I remember seeing some very fancy stained glass-esque type of Easter Eggs some time ago. They were very expensive and I was afraid to touch them for breaking and then having to purchase shards of glass. When I found some dye-able plastic eggs at the store it seemed the perfect time to try and fake a dozen!
For this project you will need:
Plastic dye-able eggs (available at WalMart)
This project is very simple but does take some time. It's a great keep the kids (or adults!) busy project. Plus, it's incredibly inexpensive with the Scribbles® Brush On Paint being reasonably priced at about $3 a set.
First draw you pattern onto your egg. You can use a pencil, thin marker or your fabric marker to draw on these initial lines. We first started with pencils, then became more confident and used thin markers.
Eventually we became confident enough in our doodling skills that we went straight to the fatter fabric marker. This eliminates the need to trace the lines at the very end and saves you a step and a bit of time in the long run.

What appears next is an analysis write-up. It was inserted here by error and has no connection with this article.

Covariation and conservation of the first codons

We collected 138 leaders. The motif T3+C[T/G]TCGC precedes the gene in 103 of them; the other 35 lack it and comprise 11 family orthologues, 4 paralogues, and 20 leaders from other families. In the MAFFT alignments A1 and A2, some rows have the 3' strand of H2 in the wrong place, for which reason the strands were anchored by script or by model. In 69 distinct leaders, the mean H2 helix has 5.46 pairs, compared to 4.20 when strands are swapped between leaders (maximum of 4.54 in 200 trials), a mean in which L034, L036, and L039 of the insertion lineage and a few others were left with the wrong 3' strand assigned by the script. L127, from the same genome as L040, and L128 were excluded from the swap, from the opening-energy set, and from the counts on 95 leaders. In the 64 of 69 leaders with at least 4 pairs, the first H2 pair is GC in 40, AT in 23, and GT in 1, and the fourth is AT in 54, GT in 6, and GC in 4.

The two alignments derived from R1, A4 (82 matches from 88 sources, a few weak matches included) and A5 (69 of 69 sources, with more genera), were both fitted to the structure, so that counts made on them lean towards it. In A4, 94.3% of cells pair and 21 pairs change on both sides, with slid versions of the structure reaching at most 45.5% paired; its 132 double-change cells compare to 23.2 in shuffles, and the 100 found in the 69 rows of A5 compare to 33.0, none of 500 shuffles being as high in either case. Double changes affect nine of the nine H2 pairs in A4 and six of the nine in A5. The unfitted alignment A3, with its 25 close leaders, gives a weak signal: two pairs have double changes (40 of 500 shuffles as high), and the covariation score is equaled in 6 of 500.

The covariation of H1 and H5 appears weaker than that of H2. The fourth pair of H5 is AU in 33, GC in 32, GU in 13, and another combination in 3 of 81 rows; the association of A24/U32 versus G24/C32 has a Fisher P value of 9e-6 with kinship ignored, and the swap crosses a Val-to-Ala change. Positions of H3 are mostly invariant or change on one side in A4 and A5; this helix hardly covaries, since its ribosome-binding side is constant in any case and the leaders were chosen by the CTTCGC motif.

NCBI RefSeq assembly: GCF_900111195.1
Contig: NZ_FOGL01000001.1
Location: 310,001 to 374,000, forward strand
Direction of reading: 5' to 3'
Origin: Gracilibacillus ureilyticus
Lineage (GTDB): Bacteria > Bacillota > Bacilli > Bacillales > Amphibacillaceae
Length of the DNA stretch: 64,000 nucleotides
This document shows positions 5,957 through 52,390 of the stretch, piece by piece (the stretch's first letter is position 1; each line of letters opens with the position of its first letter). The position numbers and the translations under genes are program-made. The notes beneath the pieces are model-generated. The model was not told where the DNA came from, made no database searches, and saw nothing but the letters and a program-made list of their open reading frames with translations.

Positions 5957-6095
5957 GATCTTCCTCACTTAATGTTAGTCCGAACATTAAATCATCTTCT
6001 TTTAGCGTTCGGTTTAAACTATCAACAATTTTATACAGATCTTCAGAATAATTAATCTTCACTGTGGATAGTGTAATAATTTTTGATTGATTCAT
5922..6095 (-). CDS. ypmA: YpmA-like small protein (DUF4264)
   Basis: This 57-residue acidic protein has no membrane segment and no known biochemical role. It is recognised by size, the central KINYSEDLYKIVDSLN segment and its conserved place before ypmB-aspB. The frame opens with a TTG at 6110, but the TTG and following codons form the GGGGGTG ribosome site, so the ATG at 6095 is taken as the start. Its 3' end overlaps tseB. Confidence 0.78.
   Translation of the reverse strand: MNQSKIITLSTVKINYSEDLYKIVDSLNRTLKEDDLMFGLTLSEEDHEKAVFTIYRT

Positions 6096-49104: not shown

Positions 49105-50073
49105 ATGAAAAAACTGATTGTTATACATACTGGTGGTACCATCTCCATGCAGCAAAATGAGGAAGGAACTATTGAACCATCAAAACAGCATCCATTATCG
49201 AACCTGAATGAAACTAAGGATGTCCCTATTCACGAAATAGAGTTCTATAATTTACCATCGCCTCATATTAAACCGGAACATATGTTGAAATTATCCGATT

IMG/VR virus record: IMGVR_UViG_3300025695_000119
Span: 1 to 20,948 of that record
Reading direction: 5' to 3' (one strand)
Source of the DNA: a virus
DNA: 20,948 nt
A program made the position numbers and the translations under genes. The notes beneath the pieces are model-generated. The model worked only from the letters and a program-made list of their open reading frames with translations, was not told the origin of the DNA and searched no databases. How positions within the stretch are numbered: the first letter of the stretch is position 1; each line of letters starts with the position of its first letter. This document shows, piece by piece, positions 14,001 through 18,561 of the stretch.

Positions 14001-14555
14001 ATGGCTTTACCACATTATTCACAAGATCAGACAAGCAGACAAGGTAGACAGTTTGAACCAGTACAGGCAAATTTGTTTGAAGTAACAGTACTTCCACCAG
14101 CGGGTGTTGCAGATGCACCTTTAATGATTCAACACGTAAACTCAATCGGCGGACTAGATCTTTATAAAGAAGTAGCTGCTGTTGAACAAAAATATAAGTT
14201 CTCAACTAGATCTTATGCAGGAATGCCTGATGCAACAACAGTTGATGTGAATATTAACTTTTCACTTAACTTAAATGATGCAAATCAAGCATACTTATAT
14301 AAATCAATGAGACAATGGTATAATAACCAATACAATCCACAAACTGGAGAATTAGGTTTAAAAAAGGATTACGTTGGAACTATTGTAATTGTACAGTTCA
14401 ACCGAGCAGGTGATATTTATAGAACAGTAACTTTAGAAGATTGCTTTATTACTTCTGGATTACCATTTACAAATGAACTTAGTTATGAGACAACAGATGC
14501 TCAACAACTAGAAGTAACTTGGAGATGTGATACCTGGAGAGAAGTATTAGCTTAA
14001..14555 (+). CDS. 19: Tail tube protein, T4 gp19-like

Since the eggs look dyed rather than painted, take a very small amount of paint on your brush and smooth it throughout your shape. Even in a trace amount, the color stains the egg so you don't need to apply a ton. Besides, that would mess up our effect!
Continue painting your egg with the other colors in your set, allowing to dry frequently to prevent fingerprints in paint all over the place. Since you're only applying a small amount, each will dry very quickly preventing any wait time or delays.
Now see that awesome little egg holder I used to keep my egg from drying to my paper protecting my work surface? These are super easy to make! Cut a piece of cardstock down the middle vertically (at the 4.25 inch mark as the paper is 8.5 inches wide). Cut that piece horizontally in about 1 inch pieces. Fold one piece on itself and hold together with tape. Voila!
If you choose to you can trace each egg after the paint has dried for sharper lines.
This egg was Mondrian inspired.
This one inspired by stained glass windows seen at church.
And this one inspired by awesomeness.
Each egg came out distinctly different and yet they all match and make a wonderful dozen!
If you prefer, rather than tracing with a black fabric marker, you can always use the black paint that comes in the Scribbles set for more artistic lines!
And there you have it! Wonderful stained glass Easter Eggs. Will you be painting up a set?
Thanks for reading and feel free to jump on over to my blog Dream a Little Bigger for lots more crafty goodness!